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Addiction Treatment Advocates Push For Final Prevention Bill Approval On Overdose Awareness Day

Overdose Day MS.jpg
Chris Bolt
/
WAER News
Addiction treatment supporters gather Tuesday to urge Gov. Hochul to sign a package of bills aimed at preventing overdoses. Survivor Luz Rosario is second from left.

A coalition of Syracuse-area groups marked the occasion of Overdose Awareness Day Tuesday by calling on Governor Hochul to sign a package of bills aimed at preventing overdoses. Campaigns Coordinator with VOCAL New York Breyana Clark says the state has historically prioritized criminalization over public health and harm reduction. She says 80 percent of people in prisons and jails have a substance use disorder, and one measure would mandate medication assisted treatment for inmates.

"What happens is a lot of people experience fatal withdrawal, or they will come out and experience extreme overdoses because their tolerance wasn't weaned; it was cut cold turkey. So if they come out, they overdose because now they have a different tolerance."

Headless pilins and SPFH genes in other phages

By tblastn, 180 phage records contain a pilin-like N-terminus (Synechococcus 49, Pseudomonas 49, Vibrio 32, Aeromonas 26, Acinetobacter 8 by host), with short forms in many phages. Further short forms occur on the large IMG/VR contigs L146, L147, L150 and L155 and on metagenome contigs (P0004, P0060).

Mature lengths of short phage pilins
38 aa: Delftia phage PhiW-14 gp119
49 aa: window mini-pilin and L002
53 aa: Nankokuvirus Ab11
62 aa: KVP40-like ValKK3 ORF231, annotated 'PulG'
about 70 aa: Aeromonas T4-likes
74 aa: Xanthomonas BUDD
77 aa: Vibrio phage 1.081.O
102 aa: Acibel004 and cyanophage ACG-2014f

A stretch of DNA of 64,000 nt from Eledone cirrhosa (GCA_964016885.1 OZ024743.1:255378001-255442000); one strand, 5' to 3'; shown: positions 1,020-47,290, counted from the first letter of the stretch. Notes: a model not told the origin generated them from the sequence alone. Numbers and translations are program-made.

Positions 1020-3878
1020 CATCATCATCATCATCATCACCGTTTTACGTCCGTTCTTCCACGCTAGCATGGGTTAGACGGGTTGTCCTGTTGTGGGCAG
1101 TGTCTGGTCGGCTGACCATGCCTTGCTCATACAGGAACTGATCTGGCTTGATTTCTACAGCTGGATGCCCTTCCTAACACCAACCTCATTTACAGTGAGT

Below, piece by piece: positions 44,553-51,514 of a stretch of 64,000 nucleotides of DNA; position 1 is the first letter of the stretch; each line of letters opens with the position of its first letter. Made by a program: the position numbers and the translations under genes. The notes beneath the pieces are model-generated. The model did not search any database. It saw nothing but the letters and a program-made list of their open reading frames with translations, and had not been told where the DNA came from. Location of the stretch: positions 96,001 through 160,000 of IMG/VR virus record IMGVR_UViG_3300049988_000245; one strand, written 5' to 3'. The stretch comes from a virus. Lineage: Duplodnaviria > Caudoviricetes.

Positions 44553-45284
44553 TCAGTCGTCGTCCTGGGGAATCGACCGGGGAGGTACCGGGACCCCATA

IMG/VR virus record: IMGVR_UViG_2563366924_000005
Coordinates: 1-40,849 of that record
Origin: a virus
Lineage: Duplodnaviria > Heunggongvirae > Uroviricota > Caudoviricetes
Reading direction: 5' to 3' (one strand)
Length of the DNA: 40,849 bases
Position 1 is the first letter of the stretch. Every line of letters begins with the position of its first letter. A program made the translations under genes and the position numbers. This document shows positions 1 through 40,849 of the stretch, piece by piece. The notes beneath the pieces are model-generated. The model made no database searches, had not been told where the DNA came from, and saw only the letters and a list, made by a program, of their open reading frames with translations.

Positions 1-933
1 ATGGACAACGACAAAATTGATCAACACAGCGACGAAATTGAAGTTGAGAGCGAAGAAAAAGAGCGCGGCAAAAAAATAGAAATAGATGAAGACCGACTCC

Clark says overdose is the leading cause of death for those with a substance use disorder following their release. Another measure awaiting the governor’s signature would decriminalize syringe possession. Current law allows an arrest simply for possessing syringes. Ronald Dennis with the FACES program at Syracuse Community Connections says needle exchange programs are critical to reducing HIV and hepatitis C infections among drug users. He’s also trained to use NARCAN, the overdose prevention drug.

"I saved two lives with NARCAN. It's what I enjoy doing. I've known three people since Saturday who overdosed on heroin. It's because they're [drug dealers] are putting fentanyl in it, and a lot of people don't know that. When do we say enough is enough."

Dennis says drugs will always be here, but if the community steps up, the overdose numbers can be brought down. Last year alone, the state lost more than five thousand lives to preventable overdose deaths. Luz Rosario was almost one of them.

"I overdosed and died for two minutes in the hospital. When they brought me in the hospital, there were six doctors, and one of them said, 'why did you do this? You're so pretty. You killed yourself.' I couldn't talk, I stayed for days. I couldn't move might right side."

Rosario says she’s witnessed many others die of an overdose in the streets.

Senators Rachel May and John Mannion are among those urging Governor Hochul to sign the overdose prevention package in her first 45 days in office.